Planning To Be Productive

Learn to DO more, not PLAN more

So many times we hear about planning in order to be more productive.  Those who strive to be as accomplished as they possibly can engage in planning and setting goals and the like.  Often times those same individuals will spend massive amounts of time planning their day, week, month.  They will plan to attend a meeting, fix the car, take the kids to practice, etc…  Many even plan to plan.  That’s right.  Some plan time to plan for their time.  Is there a better, more constructive way to utilize ones time?

Planning, by almost all accounts, is paramount in succeeding at whatever it is that you do.  I’m not here to argue that point.  Rather, to what ends do some people go in order to feel as though they are being productive.  As my wife and I have not been exactly great at planning in the sense of…well most everything, we have planned certain aspects of our lives within the scope of our professional careers.  Actually, it has probably been more of an outline, and a rough one at that.  Much of that has changed for me in the past year and now my wife is starting to make some changes as well.  During our discussion this morning we talked about how our daughter, as well as many people we have been in contact with, seem to have an idea that planning is important and then upon completion of planning to achieve something they seem to stop as though the planning process was the end goal.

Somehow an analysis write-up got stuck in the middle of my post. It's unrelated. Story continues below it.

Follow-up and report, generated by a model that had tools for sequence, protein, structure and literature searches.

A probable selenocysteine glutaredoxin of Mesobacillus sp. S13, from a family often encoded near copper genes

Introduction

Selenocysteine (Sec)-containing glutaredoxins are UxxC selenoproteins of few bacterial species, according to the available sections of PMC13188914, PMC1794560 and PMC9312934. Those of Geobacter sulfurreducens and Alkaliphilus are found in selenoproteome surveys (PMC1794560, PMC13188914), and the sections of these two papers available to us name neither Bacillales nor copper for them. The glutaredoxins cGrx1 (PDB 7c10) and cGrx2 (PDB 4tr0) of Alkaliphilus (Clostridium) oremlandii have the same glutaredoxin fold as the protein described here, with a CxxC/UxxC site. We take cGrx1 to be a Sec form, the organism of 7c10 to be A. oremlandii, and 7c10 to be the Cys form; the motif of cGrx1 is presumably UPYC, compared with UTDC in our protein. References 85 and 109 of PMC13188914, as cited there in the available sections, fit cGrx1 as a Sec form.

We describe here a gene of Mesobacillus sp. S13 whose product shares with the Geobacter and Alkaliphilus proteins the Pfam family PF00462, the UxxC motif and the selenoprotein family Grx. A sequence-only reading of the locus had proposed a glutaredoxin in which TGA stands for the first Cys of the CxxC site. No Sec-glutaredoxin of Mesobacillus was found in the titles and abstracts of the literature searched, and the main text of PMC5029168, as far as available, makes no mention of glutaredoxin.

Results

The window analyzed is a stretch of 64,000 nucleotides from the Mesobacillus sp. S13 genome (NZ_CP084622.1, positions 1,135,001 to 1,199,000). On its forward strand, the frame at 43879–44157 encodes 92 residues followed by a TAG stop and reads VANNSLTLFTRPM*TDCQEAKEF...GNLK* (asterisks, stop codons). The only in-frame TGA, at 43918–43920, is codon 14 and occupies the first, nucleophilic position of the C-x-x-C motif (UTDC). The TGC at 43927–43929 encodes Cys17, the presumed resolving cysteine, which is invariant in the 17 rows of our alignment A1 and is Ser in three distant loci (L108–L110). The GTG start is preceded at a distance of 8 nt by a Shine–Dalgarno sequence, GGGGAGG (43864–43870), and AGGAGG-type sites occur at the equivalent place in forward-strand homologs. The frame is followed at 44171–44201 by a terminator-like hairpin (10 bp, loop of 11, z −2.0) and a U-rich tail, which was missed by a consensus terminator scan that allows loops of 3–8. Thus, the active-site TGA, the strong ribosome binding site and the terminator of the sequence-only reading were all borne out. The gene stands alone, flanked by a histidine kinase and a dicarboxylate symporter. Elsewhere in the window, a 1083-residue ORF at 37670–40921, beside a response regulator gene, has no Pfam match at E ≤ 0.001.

This is what I would call planning to plan.  I’m sure we can find a cart full of psychologists who would love to shed some light on this in the name of interpreted historical data.  However, for the sake of this conversation and in the name of “getting it done” I think it quite simple to observe that regardless of a perceived reason for this type of anti-analytical behavior one can understand that planning is only the beginning of the process.  Follow through is what ultimately gets the job done.  Or at least gets it started.